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Newtownabbey Community Relations Forum, Barron Hall

on .

Barron-HallNewtownabbey Community Relations Forum was offered financial assistance from the International Fund for Ireland in 2009 to refurbish its headquarters, the historic Barron Hall in Newtownabbey. This work was designed to allow for wider use of the premises and increase the range of services on offer.


Soon after, however, an arson attack severely damaged the building before work even commenced. Though a devastating blow, it galvanised all quarters of the community and spurred the Forum on to fully restore the building. Inevitably this attack delayed the refurbishment and improvement work but the Barron Hall finally re-opened in September 2012.

In addition, the organisation has now received further assistance from the Fund towards a full-time development worker and for the implementation of a substantial programme of community and cross-community activity.

Project Coordinator Kathy Wolff says that Newtownabbey is an area where community tensions have been evident although relatively little was done to address the problem. Now, thanks to the Fund’s assistance, a number of initiatives are up and running or in the pipeline.

One initiative has been the development of a mediation service, where local people trained in mediation skills, take on cases referred to them by the Police Service of Northern Ireland (PSNI) and attempt to resolve the dispute without it escalating into court action.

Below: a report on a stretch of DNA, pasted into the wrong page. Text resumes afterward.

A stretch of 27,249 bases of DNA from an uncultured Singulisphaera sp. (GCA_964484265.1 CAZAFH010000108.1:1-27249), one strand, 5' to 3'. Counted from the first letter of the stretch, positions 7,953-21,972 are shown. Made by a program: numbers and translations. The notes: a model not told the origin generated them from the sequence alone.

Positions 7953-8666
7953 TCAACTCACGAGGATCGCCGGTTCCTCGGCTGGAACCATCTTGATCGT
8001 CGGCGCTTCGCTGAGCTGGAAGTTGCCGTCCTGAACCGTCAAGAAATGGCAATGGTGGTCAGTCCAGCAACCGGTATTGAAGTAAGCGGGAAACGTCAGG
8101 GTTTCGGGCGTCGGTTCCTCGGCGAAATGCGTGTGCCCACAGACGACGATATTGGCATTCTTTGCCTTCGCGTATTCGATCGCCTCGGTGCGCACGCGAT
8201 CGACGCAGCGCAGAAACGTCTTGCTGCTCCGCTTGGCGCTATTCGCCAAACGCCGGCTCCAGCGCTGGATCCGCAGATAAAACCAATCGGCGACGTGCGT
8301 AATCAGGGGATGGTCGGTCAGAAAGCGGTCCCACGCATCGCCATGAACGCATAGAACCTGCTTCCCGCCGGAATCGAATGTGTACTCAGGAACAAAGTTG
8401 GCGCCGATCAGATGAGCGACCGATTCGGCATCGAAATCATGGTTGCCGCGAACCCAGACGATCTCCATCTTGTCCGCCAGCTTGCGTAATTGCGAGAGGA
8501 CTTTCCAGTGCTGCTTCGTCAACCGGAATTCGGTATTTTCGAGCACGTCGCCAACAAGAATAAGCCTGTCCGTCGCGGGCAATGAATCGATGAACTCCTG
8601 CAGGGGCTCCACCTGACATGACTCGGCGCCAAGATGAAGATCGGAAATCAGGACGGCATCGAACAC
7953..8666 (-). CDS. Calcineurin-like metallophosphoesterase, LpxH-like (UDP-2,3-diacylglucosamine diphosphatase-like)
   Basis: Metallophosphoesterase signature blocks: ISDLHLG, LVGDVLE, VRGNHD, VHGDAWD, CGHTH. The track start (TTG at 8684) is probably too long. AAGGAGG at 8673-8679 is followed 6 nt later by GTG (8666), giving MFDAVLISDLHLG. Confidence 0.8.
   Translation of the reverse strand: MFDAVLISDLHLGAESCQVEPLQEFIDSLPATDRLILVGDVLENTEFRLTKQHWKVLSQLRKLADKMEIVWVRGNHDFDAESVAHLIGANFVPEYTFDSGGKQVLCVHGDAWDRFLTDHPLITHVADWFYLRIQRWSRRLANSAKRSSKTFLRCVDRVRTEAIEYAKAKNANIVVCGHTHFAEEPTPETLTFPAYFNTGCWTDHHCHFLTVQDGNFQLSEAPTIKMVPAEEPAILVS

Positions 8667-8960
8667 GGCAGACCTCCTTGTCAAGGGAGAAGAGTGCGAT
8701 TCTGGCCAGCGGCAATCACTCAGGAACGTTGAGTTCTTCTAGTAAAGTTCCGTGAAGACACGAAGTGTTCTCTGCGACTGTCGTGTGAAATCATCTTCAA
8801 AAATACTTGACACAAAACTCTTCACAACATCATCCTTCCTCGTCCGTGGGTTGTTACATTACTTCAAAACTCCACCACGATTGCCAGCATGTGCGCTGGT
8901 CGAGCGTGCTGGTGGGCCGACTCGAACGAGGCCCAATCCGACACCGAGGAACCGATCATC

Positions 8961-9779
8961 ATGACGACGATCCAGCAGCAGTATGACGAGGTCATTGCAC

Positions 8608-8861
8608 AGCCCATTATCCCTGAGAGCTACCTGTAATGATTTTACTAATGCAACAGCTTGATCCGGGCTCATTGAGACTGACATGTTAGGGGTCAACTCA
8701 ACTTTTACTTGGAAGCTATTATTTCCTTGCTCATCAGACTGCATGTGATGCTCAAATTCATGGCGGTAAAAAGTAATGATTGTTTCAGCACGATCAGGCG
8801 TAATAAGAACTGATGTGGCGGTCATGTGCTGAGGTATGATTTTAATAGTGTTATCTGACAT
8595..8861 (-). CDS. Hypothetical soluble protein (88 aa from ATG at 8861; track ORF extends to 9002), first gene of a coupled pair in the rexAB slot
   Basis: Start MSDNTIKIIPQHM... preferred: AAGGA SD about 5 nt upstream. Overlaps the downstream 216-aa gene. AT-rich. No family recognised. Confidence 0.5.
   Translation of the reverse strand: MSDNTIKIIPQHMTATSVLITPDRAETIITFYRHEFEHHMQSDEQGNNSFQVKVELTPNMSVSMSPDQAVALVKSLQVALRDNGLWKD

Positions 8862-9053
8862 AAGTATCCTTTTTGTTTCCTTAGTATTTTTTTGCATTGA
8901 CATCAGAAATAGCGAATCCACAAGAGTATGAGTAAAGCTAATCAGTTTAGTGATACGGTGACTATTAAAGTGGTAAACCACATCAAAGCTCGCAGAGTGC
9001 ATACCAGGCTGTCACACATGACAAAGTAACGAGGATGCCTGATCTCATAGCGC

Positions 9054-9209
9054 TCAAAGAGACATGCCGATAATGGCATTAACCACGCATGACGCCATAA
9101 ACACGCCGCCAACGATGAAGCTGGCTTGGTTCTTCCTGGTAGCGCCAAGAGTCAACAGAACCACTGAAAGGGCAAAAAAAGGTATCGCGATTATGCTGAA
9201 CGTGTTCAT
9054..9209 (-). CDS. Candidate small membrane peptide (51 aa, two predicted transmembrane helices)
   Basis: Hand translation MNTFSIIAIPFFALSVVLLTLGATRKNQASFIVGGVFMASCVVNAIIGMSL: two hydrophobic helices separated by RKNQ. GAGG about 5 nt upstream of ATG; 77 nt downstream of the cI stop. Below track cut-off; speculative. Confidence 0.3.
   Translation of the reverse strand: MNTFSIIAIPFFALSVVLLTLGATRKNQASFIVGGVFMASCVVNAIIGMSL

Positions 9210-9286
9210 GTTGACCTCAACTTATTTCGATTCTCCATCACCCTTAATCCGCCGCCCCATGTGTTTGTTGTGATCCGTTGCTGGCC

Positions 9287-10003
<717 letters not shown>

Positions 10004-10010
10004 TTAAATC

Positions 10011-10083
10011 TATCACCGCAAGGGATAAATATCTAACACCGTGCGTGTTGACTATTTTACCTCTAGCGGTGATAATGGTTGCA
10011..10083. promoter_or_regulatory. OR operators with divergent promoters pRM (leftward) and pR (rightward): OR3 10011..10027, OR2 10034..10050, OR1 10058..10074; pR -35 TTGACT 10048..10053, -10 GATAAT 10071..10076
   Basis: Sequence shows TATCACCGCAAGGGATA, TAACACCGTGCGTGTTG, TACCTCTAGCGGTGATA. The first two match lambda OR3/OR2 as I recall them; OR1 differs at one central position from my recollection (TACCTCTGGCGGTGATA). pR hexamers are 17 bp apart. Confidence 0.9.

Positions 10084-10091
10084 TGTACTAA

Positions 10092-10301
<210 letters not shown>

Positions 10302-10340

The Community Relations Forum has also developed an anti-hate crime project. Volunteers meet with people who have been subjected to hate or sectarian abuse or crimes. They help them to arrange meetings with other community organisations and – if the victims are newly arrived in the area, for example, immigrants from another country – they attempt to integrate them into the local community by getting the children into youth organisations.

Other projects which have been undertaken include:
•    Helping a group of girls gain greater self-esteem and play a positive role in their area by devising a good relations training programme. The girls then helped to organise tea dances and quizzes for older residents creating a new sense of purpose for all concerned.

•    A class in feminism was arranged to encourage local women to get more involved in grass-roots politics and also to learn how to lobby on family issues.

•    Guest speakers from a range of faith based backgrounds in the catchment community were invited to address groups of local people in order for them to gain a better understanding of how different communities worship.

Currently in development is a project which will bring groups of local people to four former jails – the Maze near Lisburn, Crumlin Road in Belfast, Armagh prison, Armagh, and Kilmainham in Dublin – where they will hear presentations on the jails’ histories and place in the development of the two parts of Ireland.

• Political issues such as the Queen’s visit to Ireland and the history of the Orange Order have been explored in dialogue involving people from different backgrounds and politicians from right across the political spectrum.

Kathy Wolff says that the additional support from the Fund has been a blessing to the Forum: “It means that we will be able to run more projects and do more in-depth work during the two years of the funding until the end of 2013.”

In addition to its own projects, the Community Relations Forum has links with a large number of other Fund-supported projects. This includes the Voices Women’s Project in Turf Lodge in West Belfast which is partnered with Coole New Opportunities in Rathcoole; Focus on Family in Coleraine; Creevagh Women’s Group in Londonderry/Derry; and Fab Femme in Ballymoney.

The Fund welcomes the building of wider inter-project relationships which allows for a richer sharing of experiences and lessons and reduces any feeling of isolation.